How Long Can You Be Held Without Bond?

In the United States, a person cannot be held indefinitely without the court setting bond or having a hearing. So, how long can you be held without a bond? In most states, you are entitled to a bond hearing within 24 hours. However, in some states, you may have to wait up to 72 hours after your arrest.

If you have not had a bond hearing within 72 hours, it would be wise to seek the advice of a lawyer to answer your questions regarding the process. You may be able to have a friend or family member contact local law firms that represent clients in criminal cases to protect your rights. It’s important to find an attorney that you trust and with whom you can establish a trusted attorney-client relationship. If a bail bond has been set and you can’t afford to pay the entire amount, a bond agent may be able to help you post bail.

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Factors a Judge Will Consider When Determining Bond

The amount of money required for bail should be high enough to ensure that the defendant will return to court on the hearing date. However, it shouldn’t be set so high that the defendant has no reasonable chance of being able to post the bail. When determining whether to set a bond and what amount the bond should be, the judge will consider many factors, including the following.

The nature of the crime committed 

If a person is accused of committing a serious crime, such as one of violence that resulted in death or severe injury to the victim, the judge may not immediately set abond or may set the bond at a much higher amount. If, however, the alleged crime is a misdemeanor, the bond set by the judge will usually be a lesser amount. 

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Whether the defendant is a flight risk

If the defendant has previously fled the jurisdiction to avoid arrest or otherwise failed to appear in court, the judge may consider not setting bail or setting a higher amount of bail to help prevent the defendant from fleeing. If the defendant is a wealthy person with the financial ability to flee the country and has been charged with a crime that could result in lengthy jail time, the judge may be inclined to set a higher bail or none at all. 

Whether the defendant is a safety risk 

If the judge believes that the victim’s personal safety is at risk or that the defendant poses a risk to the community at large, the judge may deny a bond or set a very high bond to help alleviate these risks. 

For example, when the charge is for domestic violence or abuse, the judge may consider the testimony of the victim at a bond hearing when determining whether or not to set a bond and the amount of any bond. 

Can You Be Held Without Obligation for Uncertain Time?

All states in the United States have laws regarding how long a person can be held without a bond hearing. Usually, the question, how long can you be held in jail without bond, is directly tied to the crime the defendant has been accused of committing.

What does no bond mean?

When a person has been arrested, and his or her status is listed as “no bond,” it means one of two things:

  1. No bond has been set yet because there has not been a bond hearing; or
  2. The judge has decided that the defendant should be held without bond.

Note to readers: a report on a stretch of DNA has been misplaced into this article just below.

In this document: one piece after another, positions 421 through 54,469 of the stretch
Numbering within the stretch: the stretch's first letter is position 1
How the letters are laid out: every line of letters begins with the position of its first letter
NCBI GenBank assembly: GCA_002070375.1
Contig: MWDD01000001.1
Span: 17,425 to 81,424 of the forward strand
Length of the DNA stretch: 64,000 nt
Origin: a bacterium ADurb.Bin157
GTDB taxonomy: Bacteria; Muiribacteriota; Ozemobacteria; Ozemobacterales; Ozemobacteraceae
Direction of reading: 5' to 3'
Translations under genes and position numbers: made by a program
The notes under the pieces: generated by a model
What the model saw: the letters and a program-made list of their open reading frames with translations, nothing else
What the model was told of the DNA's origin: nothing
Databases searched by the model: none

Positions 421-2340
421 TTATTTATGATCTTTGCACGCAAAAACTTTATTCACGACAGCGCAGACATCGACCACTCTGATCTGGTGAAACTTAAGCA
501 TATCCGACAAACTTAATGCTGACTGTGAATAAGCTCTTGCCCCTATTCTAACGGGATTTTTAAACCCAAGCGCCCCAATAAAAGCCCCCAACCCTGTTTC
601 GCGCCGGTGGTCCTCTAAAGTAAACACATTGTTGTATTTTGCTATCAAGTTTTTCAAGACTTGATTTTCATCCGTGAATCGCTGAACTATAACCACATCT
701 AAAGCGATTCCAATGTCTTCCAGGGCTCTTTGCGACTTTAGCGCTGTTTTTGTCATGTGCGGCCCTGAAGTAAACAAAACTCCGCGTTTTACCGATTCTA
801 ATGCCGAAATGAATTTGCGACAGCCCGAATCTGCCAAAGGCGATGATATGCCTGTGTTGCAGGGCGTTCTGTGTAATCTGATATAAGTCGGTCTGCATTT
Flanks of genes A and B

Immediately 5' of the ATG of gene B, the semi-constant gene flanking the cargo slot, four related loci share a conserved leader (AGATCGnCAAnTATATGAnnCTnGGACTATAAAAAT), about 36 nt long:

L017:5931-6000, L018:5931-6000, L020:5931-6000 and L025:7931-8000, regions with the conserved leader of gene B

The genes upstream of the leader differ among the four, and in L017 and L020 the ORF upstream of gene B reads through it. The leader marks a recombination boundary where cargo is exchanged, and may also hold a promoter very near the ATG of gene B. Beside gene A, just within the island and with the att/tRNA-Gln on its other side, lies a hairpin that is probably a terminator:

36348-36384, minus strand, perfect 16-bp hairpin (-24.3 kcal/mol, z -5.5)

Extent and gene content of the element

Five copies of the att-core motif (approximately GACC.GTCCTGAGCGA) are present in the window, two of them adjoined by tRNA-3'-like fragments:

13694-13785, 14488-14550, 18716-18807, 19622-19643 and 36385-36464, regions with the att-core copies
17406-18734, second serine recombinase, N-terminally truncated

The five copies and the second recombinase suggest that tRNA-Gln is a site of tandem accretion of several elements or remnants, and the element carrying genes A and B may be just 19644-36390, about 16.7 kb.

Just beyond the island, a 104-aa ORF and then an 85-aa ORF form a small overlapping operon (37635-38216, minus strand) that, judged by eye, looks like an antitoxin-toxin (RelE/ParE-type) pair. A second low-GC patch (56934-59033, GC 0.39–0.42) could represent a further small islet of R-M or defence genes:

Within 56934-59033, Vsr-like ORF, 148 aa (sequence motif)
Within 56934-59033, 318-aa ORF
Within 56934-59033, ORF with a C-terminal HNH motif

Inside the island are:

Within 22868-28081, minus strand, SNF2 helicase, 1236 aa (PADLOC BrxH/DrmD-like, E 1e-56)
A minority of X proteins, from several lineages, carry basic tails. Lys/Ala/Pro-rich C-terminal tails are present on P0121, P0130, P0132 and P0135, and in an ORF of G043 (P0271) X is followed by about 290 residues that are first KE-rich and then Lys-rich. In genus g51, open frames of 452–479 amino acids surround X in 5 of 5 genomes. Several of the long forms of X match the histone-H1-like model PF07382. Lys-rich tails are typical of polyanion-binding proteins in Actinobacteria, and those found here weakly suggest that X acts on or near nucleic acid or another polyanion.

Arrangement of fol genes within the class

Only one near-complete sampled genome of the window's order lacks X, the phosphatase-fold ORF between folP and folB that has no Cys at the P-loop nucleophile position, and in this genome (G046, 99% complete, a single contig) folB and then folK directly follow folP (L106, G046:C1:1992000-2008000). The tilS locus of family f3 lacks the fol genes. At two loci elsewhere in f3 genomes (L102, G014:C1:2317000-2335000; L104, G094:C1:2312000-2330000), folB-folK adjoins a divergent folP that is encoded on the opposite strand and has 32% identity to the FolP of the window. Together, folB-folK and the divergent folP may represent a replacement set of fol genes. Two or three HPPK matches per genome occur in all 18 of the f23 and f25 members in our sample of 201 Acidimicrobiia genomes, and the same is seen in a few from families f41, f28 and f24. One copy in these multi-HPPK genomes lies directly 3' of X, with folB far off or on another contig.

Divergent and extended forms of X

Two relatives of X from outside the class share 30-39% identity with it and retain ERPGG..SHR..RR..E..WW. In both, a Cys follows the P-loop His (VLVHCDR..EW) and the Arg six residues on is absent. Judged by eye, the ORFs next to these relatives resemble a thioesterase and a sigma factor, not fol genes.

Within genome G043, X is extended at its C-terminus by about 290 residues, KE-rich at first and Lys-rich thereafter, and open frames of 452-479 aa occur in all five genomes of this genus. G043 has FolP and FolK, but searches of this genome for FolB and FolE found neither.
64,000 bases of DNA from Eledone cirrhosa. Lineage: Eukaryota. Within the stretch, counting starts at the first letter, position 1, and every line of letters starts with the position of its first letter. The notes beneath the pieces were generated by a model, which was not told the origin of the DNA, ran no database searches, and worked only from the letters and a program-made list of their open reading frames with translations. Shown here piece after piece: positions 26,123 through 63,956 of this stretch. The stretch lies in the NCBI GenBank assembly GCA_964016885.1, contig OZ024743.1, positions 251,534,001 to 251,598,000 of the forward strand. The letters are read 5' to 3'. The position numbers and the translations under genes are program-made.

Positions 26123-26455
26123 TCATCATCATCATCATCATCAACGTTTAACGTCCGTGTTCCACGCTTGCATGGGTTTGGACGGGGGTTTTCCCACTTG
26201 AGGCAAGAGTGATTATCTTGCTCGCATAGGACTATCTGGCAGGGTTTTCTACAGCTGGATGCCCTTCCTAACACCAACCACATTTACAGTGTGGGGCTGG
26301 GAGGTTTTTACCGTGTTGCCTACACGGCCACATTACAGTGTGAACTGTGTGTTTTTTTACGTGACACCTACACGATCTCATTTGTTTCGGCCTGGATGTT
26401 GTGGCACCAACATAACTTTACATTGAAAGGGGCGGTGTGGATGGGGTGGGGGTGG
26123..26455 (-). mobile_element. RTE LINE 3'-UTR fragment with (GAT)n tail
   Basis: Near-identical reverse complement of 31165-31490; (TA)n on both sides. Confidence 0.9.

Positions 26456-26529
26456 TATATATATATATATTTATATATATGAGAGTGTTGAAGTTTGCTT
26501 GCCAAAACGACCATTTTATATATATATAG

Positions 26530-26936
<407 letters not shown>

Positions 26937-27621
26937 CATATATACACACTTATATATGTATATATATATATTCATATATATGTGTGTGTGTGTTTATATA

What if you can’t afford the bond?

If a bond is set, it cannot be oppressive or unreasonable. The judge should consider the defendant’s ability to pay the bond amount. The bond should be set high enough that it ensures that the defendant will appear in court but not so high that the defendant could not reasonably be able to pay. 

If the defendant has no history of fleeing justice and the crime is not serious, there is no reason that the defendant should not be able to post bond and be released while awaiting trial. 

For what reasons do judges deny bond?

In most cases, the court sets a bond for the accused. However, there are cases in which the judge refuses to set a bond, and the defendant must stay in jail while awaiting trial. Some situations when a bond is denied include:

  • If the crime is punishable by death or life imprisonment;
  • When the defendant poses a grave danger to the alleged victim or the community;
  • When the defendant is a repeat offender;
  • If the defendant is a flight risk;
  • When the defendant was already out on bail and violated the terms of his or her release; or
  • If the defendant was on probation or parole for a felony and committed another felony.


In the United States, an arrested person is usually entitled to be released on bond or to have a bond hearing within 24 to 72 hours. In most cases, a bond is set, and the defendant either pays the bond amount or contracts with a bail bond agency to pay a percentage in order to be released.

However, there are cases in which the judge denies bail. These cases are rare and usually occur when the defendant has been accused of a very serious crime or is a repeat offender, and the court believes that he or she may flee the jurisdiction or harm the alleged victim or another person. 

It is important to know your rights and seek legal advice if you, a family member, or a friend are faced with an arrest. 

Article by Megan Thompson

Megan Thompson is a legal writer at Lawrina. Megan writes about different law practice areas, legal innovations, and shares her knowledge about her legal practice. As a graduate of the American University's Washington College of Law she is an expert of law in Lawrina's team and has a slight editing touch to all content that is published on the website.

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